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Thu, Aug 28, 2014

Top 10: Downtown stands in legacy of the Courthouse

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Top 10: Downtown stands in legacy of the Courthouse | Top 10, Generations, Heritage, Historic Courthouse, Civil War, Gloria Christy, Richard Gabel, Mainstreet Murfreesboro

“The Pride of Tennessee,” an original portrait painted by Tennessee’s artist-in-residence Michael Sloan, was installed in the courthouse for Tennessee’s Bicentennial. TMP/M. Willard

Generations of Rutherford countians have stood in the shadow of downtown Murfreesboro’s most distinctive building, the county courthouse.

As the Heritage Partnership of Rutherford County prepares to honor the building’s 150th anniversary in October, the building itself is a monument to the people and history of Rutherford County.

In honor of the anniversary, here are the Top 10 (11, because there are that many reasons to celebrate) monuments surrounding the courthouse on the Public Square in Murfreesboro.

1. Completed in 1859, the courthouse was built for $50,000, and originally consisted of a square building with classical columns on the east and west sides.

The building underwent many changes over the years, with wings added and alterations to the interior. The interior was restored to its 19th-century appearance in 1998.

It is one of only six antebellum courthouses in the state to survive the war and was placed on the National Register of Historic Places in 1970s for its architectural, historic and political significance.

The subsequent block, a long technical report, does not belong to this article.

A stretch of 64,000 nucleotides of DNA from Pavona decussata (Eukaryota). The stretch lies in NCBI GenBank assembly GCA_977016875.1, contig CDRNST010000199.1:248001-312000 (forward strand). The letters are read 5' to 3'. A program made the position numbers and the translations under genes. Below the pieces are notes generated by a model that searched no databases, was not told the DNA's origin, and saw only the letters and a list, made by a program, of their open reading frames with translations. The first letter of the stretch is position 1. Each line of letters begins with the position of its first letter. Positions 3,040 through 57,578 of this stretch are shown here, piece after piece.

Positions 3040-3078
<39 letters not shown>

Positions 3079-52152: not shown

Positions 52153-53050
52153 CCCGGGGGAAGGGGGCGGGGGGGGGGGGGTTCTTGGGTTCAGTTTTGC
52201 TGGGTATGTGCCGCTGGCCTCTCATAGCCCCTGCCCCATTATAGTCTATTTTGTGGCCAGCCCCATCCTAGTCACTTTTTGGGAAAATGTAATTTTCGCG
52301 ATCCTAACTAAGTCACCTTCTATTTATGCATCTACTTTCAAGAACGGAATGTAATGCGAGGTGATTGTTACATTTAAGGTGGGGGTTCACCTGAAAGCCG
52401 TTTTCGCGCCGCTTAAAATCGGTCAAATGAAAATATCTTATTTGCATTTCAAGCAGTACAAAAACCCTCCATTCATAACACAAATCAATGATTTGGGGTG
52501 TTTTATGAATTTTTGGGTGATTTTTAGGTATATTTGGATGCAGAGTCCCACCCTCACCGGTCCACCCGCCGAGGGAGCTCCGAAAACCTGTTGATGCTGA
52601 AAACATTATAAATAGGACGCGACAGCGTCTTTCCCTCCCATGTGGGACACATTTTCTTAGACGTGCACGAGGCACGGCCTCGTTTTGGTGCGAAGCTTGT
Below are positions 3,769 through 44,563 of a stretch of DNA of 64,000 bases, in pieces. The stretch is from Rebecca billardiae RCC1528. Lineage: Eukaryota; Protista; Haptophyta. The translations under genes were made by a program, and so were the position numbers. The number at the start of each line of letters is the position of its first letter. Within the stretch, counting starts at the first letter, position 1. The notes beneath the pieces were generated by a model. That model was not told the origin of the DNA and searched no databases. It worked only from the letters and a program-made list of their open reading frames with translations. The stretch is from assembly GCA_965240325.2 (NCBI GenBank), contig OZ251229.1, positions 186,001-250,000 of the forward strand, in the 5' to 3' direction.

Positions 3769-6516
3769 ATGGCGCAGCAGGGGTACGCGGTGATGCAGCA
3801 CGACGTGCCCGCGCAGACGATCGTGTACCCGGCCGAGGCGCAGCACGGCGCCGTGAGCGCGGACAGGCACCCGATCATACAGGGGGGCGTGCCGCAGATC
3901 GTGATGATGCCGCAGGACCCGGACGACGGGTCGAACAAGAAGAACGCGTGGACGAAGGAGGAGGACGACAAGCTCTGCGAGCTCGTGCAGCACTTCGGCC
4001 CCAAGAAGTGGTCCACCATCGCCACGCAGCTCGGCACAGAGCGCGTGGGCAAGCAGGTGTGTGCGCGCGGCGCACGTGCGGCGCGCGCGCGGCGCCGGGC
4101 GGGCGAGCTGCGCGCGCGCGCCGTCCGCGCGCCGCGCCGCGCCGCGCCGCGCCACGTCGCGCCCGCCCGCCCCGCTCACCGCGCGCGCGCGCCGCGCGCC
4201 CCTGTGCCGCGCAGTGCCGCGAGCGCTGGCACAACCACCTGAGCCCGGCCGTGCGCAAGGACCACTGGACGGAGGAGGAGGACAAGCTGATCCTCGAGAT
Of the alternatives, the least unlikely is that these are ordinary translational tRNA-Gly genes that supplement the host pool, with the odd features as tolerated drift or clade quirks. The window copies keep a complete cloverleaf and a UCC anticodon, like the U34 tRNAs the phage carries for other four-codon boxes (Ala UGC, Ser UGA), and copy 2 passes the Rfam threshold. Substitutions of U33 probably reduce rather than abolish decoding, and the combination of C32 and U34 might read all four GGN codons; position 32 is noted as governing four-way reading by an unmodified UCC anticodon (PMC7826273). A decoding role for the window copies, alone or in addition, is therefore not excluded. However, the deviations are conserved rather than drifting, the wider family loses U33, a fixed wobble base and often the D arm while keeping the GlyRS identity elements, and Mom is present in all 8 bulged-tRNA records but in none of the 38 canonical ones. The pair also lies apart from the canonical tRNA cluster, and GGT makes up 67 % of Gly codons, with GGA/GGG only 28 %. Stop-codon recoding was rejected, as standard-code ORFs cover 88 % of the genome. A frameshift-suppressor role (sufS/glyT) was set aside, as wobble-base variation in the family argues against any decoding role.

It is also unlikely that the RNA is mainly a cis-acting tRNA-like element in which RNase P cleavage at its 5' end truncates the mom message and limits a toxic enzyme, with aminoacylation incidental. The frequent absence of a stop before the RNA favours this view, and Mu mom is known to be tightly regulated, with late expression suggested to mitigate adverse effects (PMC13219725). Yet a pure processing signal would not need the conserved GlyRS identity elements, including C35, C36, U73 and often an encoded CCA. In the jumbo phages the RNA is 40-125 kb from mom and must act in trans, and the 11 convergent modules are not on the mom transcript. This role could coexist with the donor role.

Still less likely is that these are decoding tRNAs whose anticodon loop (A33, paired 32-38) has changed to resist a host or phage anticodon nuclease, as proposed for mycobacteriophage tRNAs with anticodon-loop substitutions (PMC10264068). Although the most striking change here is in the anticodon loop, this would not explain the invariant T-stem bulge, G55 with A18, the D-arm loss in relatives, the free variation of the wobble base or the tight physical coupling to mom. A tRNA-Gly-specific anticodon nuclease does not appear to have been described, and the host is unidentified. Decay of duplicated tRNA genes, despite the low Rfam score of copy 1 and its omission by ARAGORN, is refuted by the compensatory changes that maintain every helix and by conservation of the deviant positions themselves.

2. On the southwest corner of the courthouse lawn, a monument erected in 1949 memorializes Murfreesboro’s tenure as Tennessee’s state capitol.

Murfreesboro was capital from June 1, 1818 to April 30, 1826 and the General Assembly met in the courthouse until the building partially burned in 1822.

On the west side of the courthouse, another tablet erected in 1921 by the Col. Hardy Murfree Chapter of the Daughters of the American Revolution commemorates Murfreesboro’s status as former state capitol.

“Patriotism is kindled in the hearts of a people by the flaming torch of history,” the tablet says.

3. Another plaque at the west entrance commemorates a 1908-remodeling project.

The renovations saw the ceiling lowered in the courtroom to create offices on the third floor and a change to the cupola.

The original cupola was designed to reflect the Tennessee State Capitol building in Nashville, which was built in 1854.

4. Uncle Dave Macon Days founder Jesse Messick donated the Bible that stands on the northwest corner of the courthouse lawn as a memorial to the Square he grew up with, UDMD organizer Gloria Christy said.

In the early part of the 20th century the Square was the hub of life in Murfreesboro and on the weekend evangelical preachers would preach the gospel around the courthouse.

Messick donated the Bible in 1984 and the Good Book stands as a memorial to those by-gone days.